With MIG you need an excellent auto darkening helmet, cheap just wont work because the arc of .035 wire is so much smaller than an 1/8" stick. I resisted spending the money to go to gas, then kicked myself for not doing it sooner. The difference in welding flux cored wire, or solid with gas is night and day difference. Solid with gas is easier, maybe faster, but certainly saves on cleanup time, because there is no slag or beads to grind before painting.

OK, thats my two cents, and I dont claim to be a professional welder, however I have stayed in a Holiday Inn.
What he said.
I have a 220V MIG with the shield gas, I use it all the time, repairs, fixing, making things that you cant buy. I build a nice cart for my Hypertherm Plasma cutter, had a pile of junk it came with. So with my welder and a few casters from Amazon, done.

I have build woodstoves, flatbed car hauler trailers and loads of stuff. I have basically a small fab shop (just a 2 car garage, but all the proper tools for metal fabbing. Metal fabbing has always been a passion of mine. Some pictures, first one you can see the welder I used in the background. Matco Tools, but its made by Century. It has a stitch and a spot timer, but cant be used with a spool gun, so look into that if you want to weld AL with it.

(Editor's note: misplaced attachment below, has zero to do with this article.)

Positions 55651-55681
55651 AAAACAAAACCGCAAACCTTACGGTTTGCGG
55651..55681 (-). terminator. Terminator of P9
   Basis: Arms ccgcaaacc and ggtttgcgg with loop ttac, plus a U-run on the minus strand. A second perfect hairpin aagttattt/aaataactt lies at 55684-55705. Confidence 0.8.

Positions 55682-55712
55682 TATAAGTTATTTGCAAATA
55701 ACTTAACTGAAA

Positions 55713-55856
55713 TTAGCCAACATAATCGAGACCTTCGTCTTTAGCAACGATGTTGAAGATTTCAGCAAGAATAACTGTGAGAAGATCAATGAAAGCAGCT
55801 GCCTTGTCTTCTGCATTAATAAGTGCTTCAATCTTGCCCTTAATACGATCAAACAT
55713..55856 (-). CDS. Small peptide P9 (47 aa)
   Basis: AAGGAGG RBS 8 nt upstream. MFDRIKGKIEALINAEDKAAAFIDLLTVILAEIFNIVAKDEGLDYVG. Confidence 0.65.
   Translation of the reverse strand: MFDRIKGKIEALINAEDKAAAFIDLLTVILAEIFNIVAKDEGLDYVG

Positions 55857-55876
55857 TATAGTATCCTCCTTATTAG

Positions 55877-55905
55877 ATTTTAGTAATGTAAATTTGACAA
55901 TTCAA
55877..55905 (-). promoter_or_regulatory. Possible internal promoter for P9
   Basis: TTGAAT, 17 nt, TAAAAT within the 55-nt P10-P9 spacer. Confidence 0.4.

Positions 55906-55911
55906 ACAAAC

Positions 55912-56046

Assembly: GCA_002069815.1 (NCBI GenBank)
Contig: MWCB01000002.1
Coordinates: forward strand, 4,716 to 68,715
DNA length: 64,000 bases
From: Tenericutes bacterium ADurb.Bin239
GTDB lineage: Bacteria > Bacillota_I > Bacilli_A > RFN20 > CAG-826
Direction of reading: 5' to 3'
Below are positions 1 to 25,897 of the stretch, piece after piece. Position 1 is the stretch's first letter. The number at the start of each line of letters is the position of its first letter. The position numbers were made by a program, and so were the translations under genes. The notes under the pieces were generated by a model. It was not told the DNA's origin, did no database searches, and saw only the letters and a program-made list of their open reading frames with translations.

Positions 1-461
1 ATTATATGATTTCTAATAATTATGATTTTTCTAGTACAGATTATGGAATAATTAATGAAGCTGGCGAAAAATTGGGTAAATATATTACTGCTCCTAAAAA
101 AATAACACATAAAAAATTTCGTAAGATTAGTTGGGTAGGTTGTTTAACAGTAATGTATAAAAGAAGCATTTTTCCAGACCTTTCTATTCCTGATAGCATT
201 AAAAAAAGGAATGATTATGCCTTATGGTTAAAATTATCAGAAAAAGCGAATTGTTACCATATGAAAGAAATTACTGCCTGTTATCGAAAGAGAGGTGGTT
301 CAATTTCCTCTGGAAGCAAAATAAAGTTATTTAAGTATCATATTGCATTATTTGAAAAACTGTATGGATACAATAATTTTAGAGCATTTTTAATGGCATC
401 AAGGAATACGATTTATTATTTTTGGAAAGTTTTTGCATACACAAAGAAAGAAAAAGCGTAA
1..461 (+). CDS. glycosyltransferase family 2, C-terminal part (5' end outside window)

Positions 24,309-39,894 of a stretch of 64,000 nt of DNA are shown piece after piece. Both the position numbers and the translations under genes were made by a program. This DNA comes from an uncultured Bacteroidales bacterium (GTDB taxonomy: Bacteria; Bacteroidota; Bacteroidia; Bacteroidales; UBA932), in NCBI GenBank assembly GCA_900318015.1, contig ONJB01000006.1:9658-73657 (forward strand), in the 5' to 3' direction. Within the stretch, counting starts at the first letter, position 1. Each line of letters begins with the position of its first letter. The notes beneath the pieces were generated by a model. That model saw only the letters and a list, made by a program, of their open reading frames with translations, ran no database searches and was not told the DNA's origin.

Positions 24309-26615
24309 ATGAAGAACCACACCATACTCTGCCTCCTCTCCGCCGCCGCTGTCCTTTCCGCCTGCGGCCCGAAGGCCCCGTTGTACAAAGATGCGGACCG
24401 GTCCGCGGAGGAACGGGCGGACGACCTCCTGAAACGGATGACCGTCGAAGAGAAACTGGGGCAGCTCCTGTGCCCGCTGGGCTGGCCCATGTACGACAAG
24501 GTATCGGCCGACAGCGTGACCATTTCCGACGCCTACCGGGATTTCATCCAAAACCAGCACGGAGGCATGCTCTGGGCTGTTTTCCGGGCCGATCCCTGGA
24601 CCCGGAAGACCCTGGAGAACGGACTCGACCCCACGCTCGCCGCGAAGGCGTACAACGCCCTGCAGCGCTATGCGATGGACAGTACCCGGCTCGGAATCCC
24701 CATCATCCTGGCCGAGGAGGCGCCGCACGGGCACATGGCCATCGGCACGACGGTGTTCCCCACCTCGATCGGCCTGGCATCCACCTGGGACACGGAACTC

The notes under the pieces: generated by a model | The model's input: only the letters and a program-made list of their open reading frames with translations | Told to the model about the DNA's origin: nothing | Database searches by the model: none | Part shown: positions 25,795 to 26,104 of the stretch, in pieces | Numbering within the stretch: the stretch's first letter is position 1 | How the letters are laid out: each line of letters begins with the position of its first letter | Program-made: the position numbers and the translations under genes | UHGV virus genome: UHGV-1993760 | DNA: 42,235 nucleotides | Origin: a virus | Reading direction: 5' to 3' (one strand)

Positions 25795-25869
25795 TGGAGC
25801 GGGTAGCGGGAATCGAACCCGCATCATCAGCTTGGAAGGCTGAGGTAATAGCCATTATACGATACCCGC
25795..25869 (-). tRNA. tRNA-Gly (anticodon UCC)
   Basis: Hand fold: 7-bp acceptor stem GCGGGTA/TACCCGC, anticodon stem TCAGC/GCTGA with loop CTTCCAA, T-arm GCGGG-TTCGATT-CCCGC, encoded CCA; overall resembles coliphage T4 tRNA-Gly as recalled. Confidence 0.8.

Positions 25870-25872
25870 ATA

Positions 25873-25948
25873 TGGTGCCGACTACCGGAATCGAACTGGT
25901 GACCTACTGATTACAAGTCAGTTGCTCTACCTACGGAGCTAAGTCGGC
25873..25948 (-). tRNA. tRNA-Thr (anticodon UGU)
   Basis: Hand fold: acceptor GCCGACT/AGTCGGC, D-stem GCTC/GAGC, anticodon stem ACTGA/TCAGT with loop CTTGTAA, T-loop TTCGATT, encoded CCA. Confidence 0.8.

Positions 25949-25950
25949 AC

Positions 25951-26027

Plasma cutter roll cart, then the trailer I made. Trailer has built in under deck car ramps too.
 

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rocksnstumps

5 year old buck +
Real nice. Maybe a bit off the original topic but tell us more about the plasma cutter. Got a welder (or two) covered but if buckets of money falls from the sky I could see a new toy, err tool...
 

crowskee

5 year old buck +

thedoublejranch

A good 3 year old buck
Real nice. Maybe a bit off the original topic but tell us more about the plasma cutter. Got a welder (or two) covered but if buckets of money falls from the sky I could see a new toy, err tool...
I'm telling you, this is the neatest thing since sliced bread.

What is plasma? Its the 4th state of matter. We always thought there was only 3, IE solids, liquids and gasses.
Not so, you add heat to ice, you go from solid to liquid, add more heat, you go from liquid to gas, now add way more heat, you go from gas to plasma. The nozzle temps depending on my settings is between 20,000 to 40,000 degrees, I have the power of the sun at my fingertips. Trigger has a safety on it and for good reason.